A way underspecified example

This is the MRS that caused me to create this post since it breaks all kinds of assumptions I have and causes me to simply hack around my processing model to get it to work. Ironically, it is the simplest phrase ever: “hi”

[ TOP: h0
INDEX: e2
RELS: <
[ discourse LBL: h1 ARG0: i9 [ i ] ARG1: h6 ARG2: h10 ]
[ greet LBL: h6 CARG: "hi" ARG0: i8 [ i ] ]
[ unknown LBL: h4 ARG0: e2 [ e SF: prop-or-ques ] ARG: u5 ]
>
HCONS: < h0 qeq h1 > ]

I’ve posted about the discourse predicate before and think I understand that it is being used as a kind of conjunction, and that greet(i) is saying “It isn’t specified know who is being greeted” (using the same i as ignored or unspecified pattern as above) and I think unknown(u) is saying “and we don’t know what the other part of the conjunction is”.

But…Why is u being used for unknowns first argument?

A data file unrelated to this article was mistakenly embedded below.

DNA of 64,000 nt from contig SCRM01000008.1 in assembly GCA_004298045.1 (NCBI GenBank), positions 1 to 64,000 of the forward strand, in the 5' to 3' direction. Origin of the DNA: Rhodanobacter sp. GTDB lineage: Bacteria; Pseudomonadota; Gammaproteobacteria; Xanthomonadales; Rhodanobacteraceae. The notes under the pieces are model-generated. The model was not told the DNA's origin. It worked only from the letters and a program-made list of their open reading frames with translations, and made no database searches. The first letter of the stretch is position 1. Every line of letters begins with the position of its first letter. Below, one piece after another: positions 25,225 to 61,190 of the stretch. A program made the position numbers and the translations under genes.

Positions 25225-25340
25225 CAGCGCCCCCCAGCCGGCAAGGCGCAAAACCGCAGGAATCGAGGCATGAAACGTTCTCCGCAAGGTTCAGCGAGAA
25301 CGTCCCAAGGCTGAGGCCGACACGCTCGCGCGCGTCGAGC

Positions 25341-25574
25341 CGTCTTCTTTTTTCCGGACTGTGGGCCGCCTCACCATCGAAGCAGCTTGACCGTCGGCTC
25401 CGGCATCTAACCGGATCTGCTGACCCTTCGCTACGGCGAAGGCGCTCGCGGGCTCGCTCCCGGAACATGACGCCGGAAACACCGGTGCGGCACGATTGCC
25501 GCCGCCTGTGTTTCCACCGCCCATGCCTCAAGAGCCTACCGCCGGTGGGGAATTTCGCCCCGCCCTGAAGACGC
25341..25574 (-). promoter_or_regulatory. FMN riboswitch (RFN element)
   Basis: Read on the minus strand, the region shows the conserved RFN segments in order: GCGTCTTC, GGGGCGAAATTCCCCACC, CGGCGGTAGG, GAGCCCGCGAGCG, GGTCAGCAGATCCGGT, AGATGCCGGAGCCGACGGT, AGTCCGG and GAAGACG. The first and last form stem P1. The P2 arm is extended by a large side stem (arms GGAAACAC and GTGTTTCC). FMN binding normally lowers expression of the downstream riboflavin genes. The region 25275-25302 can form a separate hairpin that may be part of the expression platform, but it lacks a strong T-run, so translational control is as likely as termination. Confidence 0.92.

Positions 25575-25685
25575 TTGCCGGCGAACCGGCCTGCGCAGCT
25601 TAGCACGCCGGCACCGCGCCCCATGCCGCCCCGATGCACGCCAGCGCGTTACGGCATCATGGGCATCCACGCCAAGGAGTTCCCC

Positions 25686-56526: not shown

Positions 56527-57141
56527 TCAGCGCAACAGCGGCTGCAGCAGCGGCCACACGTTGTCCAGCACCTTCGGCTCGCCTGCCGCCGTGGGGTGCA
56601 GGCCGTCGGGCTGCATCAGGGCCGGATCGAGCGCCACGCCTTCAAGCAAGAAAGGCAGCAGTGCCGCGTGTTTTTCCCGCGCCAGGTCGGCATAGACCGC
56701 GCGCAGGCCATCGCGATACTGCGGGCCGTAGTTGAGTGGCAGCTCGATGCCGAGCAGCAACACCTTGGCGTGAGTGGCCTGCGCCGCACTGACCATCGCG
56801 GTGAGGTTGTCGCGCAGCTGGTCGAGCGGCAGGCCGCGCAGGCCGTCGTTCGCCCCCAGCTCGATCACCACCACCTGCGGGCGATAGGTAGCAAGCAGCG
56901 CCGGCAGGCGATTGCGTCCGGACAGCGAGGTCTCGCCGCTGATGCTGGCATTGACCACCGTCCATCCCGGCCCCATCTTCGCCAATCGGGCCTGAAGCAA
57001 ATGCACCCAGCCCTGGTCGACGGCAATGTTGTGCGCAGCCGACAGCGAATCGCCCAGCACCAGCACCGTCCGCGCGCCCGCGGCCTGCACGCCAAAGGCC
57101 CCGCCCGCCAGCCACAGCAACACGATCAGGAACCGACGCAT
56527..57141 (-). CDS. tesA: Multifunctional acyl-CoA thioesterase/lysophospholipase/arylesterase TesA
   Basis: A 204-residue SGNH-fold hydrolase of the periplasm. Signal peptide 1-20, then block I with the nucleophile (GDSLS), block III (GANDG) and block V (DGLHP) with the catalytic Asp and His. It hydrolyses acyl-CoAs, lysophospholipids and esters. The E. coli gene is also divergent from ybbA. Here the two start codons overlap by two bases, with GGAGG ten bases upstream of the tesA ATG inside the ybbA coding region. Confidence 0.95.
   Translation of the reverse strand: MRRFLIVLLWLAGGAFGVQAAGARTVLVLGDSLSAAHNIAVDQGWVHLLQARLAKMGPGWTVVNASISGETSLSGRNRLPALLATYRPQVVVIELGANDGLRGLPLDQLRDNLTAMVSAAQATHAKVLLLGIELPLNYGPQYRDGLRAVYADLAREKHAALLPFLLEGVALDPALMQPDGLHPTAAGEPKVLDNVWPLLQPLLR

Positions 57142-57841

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Thanks for documenting this issue so thoroughly. I don’t really have any answers or thoughts beyond what was mentioned in those other threads, but maybe somebody else does. However, I think the following points are useful to consider:

  1. The HPSG / MRS framework is not “complete”, whatever that may mean. Some thorny issues have been ignored, sidestepped, or addressed only with hacks (such as the overloading of i for dropped xs and things that are not clearly x or e), so it may be the case that there is no answer to be reasoned out. You may need to create an answer.
  2. The ERG (as with any grammar) may be lacking analyses or may be buggy. Not every output from the ERG should be considered correct or ideal.
3 Likes

Understood. My goal is to try to articulate the best model that is intended, and then point out bugs or workarounds that happen in practice.

In case this helps some, I’d say that i means either e or x, but definitely not h. (And in the case of dropped arguments, it’s generally “e or x, but actually x, but we don’t want x unless we have a quantifier, so we’ll be vague”.) u means any of e, x, or h. I’m not quite sure what “unknown” is doing in your example, but its argument could be any of those.

1 Like